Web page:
VEDANTAM: This power that others have to put useful information in our
heads comes with a downside.

O'CONNOR: When you open a door for true beliefs to spread from person to
person, you also open the door for false beliefs to spread from person to
person. So it's this kind of double-sided coin.

VEDANTAM: In December 2012, Dynda's daughter was born. She named her
Ramona, after the song by Bob Dylan.

(SOUNDBITE OF SONG, "TO RAMONA")

BOB DYLAN: (Singing) Ramona, come closer. Shut softly your watery eyes.

DYNDA: Ramona, as a newborn, she was very active. She was very bright. She
was a great baby, honestly. She was a wonderful baby.

VEDANTAM: When the doctors said it was time to vaccinate Ramona, Dynda was
ready. She had a script she had been practicing in her head for months.

DYNDA: And I said, no, thank you. I have decided that I do not want to
vaccinate. Thank you very much.

VEDANTAM: Occasionally, she encountered information that conflicted with
her decision - a pamphlet at the doctor's office, a website.

DYNDA: I just very quickly went, that's not true; I don't agree with that.
And I moved on.

VEDANTAM: And that leads us to another thing about deeply held beliefs -
once they form, we defend them. Tali Sharot is a cognitive neuroscientist
at University College London. She studies the phenomenon of confirmation
bias.

TALI SHAROT: Confirmation bias is our tendency to take in any kind of data
that confirms our prior convictions and to disregard data that does not
conform to what we already believe.

VEDANTAM: Sharot put this idea to the test in a research study a few years
ago. She presented statements to two kinds of people - those who believe
that climate change was real and those who did not. She found that for both
groups, when the statement confirmed what people already thought, this
strengthened their beliefs. But when it challenged their views...

SHAROT: When we see data that doesn't conform to what we believe, what we
do is we try to distance ourselves from it. We say, well, that data is not
credible, right?

VEDANTAM: As we move through the world, quickly sifting through news
headlines and the flow of information on social media, confirmation bias
gives us a feeling of stability.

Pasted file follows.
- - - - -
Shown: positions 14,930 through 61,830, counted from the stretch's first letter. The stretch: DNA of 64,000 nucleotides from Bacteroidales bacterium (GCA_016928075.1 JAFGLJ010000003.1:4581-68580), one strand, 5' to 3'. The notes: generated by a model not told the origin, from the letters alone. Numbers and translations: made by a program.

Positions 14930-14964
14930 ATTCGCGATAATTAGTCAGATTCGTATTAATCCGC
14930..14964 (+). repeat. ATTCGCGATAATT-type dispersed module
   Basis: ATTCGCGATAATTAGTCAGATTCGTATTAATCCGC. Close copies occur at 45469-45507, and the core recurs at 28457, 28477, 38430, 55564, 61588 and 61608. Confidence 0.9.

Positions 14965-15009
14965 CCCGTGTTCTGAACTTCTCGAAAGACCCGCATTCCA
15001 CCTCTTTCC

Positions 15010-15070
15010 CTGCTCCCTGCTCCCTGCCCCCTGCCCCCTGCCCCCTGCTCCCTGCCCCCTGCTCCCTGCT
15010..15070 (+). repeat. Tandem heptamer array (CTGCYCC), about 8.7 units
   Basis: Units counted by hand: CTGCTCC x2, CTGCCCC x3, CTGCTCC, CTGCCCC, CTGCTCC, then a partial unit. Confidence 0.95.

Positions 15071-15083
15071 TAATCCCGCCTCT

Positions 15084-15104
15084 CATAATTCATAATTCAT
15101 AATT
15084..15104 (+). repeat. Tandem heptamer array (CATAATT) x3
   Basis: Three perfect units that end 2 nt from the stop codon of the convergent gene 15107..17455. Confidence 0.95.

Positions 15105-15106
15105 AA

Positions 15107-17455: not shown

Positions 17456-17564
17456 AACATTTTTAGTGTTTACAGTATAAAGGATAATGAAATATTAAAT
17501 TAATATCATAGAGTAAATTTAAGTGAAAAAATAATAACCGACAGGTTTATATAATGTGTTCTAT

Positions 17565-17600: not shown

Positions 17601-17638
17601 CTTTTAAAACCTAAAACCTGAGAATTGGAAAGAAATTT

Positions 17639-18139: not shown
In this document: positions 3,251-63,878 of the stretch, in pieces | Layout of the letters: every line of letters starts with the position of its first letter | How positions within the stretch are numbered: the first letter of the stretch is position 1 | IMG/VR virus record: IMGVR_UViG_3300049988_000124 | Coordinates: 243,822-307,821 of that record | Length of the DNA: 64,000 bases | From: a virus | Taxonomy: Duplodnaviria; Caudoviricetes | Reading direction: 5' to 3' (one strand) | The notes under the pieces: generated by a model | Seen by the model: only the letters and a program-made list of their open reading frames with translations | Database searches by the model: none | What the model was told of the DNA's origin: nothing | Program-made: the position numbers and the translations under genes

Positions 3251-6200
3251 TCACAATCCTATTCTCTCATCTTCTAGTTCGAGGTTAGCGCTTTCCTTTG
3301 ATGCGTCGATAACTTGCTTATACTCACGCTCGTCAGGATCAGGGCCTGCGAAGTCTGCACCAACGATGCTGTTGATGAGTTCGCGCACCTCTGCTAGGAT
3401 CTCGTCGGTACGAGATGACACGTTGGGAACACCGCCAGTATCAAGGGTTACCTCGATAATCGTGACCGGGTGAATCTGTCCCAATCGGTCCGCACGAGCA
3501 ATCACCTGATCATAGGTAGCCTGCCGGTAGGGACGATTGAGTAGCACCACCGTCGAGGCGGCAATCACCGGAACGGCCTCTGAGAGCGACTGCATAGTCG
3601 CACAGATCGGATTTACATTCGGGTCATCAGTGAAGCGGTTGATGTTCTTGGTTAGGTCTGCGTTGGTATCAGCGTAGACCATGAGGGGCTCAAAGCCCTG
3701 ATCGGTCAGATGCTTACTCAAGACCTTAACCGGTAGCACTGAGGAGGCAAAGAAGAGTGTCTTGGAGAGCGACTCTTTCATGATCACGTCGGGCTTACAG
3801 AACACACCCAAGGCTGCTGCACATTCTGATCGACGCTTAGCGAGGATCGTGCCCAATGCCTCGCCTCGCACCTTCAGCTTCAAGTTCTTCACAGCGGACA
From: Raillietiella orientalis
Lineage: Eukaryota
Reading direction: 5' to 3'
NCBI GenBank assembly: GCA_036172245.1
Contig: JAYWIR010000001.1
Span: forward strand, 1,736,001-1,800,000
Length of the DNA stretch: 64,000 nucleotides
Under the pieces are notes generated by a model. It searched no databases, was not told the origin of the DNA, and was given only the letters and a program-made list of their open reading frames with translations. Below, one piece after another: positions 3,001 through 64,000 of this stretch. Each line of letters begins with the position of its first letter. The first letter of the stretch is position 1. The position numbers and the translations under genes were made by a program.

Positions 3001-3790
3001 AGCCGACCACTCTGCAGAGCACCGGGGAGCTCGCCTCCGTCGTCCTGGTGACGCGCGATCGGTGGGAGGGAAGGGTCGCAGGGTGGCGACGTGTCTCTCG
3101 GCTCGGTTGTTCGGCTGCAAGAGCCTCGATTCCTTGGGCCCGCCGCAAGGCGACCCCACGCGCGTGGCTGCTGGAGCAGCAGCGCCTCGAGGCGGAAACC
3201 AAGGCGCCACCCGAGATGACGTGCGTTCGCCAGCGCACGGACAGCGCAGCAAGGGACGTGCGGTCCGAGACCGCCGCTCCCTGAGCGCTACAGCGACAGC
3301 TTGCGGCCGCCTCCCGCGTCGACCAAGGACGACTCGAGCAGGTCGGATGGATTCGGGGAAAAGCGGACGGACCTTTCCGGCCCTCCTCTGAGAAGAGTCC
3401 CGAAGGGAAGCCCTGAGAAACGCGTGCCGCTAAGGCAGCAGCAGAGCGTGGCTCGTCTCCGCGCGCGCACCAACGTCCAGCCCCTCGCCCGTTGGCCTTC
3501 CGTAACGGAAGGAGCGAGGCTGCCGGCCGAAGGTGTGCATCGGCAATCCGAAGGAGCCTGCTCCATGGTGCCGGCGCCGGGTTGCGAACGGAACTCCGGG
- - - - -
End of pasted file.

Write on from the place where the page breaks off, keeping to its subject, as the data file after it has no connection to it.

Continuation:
SHAROT: However, it also means that it's really hard to change false
beliefs. So if someone holds a belief very strongly, but it is a false
belief, it's very hard to change it with data.

VEDANTAM: So to recap - we tend to accept information from people we trust,
and once we do, we are resistant to changing our minds.

(SOUNDBITE OF MUSIC)

VEDANTAM: Two years after saying no to vaccines for her daughter, Maranda
Dynda began to have doubts about those moms on Facebook.

DYNDA: I started to slowly but surely question in the opposite direction,
and I found other stories online from moms who didn't vaccinate and then
started to.

VEDANTAM: She became immersed in new groups online, and she began to Google
again. But this time, she realized that science had not shown a link
between vaccines and autism. She got her daughter vaccinated and has never
looked back.

DYNDA: Once I did start vaccinating Ramona, nothing happened. She was fine.
She was and still is bright, happy, brilliant and healthy.

VEDANTAM: Most of us think we arrive at our beliefs through logic and
reason. Sharot and O'Connor's work suggests that there are forces that may
matter even more - our feelings, our social networks and our relationships
with other people.

Shankar Vedantam, NPR News.

(SOUNDBITE OF RAMTIN ARABLOUEI COMPOSITION)

MARTIN: You can hear more about how people share information both true and
false on Shankar's podcast. It is called Hidden Brain.

(SOUNDBITE OF RAMTIN ARABLOUEI COMPOSITION)